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Breaking Internet Censorship Will Take More Than Circumvention Tools

Users in filtered countries look for tools often by searching the English word "proxy," which returns lists of simple web proxies.
Users in filtered countries look for tools often by searching the English word "proxy," which returns lists of simple web proxies.
The OpenNet Initiative has documented Internet filtering in more than 40 countries worldwide. Filtering allows governments to prevent people within their borders from accessing websites that governments find offensive for any of a variety of political, social, or security reasons. Circumvention tools, on the other hand, enable people inside those countries to access filtered sites, so a person in China using a circumvention tool can access "" even though the site is otherwise blocked in the country.

Examples of these circumvention tools include publicly/charitably funded tools like Ultrasurf, Freegate, and Tor that have been well covered in the media. But they also include mostly fee-based virtual private network (VPN) services; free, but anonymous protocol-based proxies; and mostly advertising-supported, simple web proxies. All these tools share the same basic mechanism -- they allow access to a blocked site by ferrying requests for the blocked site through an (ideally) unblocked intermediary machine.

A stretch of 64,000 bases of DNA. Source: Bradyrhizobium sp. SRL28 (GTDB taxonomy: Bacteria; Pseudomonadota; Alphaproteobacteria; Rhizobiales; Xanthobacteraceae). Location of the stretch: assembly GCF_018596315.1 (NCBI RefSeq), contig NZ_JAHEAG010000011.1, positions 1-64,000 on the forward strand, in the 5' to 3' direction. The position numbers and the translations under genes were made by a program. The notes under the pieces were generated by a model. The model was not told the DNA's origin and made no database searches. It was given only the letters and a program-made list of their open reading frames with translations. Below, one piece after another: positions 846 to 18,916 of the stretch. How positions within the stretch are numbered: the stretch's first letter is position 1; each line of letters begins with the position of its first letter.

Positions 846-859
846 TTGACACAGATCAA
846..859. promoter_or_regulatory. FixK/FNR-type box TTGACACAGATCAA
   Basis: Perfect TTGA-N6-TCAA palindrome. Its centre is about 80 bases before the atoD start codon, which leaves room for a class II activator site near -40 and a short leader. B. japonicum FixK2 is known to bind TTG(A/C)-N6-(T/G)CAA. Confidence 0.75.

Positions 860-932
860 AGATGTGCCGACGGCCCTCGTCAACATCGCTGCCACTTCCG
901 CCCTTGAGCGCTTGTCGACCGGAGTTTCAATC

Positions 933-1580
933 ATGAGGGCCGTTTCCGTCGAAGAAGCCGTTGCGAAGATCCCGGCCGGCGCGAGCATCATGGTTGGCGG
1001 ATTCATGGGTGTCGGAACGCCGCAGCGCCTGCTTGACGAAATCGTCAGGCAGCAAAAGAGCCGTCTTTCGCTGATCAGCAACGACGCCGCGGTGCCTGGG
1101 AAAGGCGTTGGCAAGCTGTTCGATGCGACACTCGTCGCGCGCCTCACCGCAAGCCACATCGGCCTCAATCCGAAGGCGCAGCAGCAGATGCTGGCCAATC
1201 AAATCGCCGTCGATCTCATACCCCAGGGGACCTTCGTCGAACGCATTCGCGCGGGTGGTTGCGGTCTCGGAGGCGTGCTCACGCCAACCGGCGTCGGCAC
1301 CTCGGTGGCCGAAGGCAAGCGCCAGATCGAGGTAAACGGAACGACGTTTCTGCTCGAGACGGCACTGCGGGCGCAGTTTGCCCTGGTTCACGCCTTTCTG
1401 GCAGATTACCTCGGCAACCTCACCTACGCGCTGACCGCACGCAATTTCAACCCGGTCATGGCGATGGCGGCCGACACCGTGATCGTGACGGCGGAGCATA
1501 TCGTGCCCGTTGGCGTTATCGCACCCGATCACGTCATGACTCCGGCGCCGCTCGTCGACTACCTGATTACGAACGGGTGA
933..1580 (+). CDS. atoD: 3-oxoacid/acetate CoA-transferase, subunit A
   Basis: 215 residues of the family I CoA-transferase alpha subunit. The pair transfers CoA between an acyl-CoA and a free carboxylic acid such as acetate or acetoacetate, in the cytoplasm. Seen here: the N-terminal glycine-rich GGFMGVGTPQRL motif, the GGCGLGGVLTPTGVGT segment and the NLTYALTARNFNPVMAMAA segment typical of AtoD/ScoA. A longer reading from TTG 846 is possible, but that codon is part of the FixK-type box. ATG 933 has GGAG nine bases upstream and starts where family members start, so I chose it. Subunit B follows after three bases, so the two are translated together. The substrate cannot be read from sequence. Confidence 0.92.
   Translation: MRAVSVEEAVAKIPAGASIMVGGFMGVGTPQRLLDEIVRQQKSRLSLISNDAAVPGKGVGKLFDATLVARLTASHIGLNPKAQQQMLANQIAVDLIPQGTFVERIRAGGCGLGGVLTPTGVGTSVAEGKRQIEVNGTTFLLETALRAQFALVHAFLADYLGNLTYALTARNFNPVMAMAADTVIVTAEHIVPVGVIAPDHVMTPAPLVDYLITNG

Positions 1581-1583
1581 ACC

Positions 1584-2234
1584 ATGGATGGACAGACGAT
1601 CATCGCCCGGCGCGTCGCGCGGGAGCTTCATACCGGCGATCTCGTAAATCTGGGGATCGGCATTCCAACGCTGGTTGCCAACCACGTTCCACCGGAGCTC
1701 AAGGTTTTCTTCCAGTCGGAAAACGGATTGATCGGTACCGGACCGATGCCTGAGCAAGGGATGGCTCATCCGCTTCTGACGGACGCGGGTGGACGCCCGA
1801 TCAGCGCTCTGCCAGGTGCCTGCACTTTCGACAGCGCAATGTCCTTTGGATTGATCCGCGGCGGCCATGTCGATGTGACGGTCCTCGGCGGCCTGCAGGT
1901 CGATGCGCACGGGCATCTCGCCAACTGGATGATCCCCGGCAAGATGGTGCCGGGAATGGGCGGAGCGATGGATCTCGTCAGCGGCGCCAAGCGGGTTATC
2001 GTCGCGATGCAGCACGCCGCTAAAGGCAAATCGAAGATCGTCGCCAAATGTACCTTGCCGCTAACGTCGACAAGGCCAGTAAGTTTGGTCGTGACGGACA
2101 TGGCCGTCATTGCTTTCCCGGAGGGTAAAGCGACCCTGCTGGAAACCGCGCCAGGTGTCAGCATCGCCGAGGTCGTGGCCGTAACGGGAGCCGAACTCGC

The Berkman Center for Internet & Society at Harvard University recently issued a report examining the use of these tools. We found that, at most, only about 3 percent of people in filtering countries -- and likely many fewer -- use circumvention tools. Of the three types of tools whose use we could measure -- Ultrasurf, Freegate, and Tor; VPN services; and simple web proxies -- we found that simple web proxies were by far the most widely used. And we found that when users in filtered countries search for these tools, they overwhelmingly search for generic terms -- mostly the English word "proxy" -- that return lists of simple web proxies.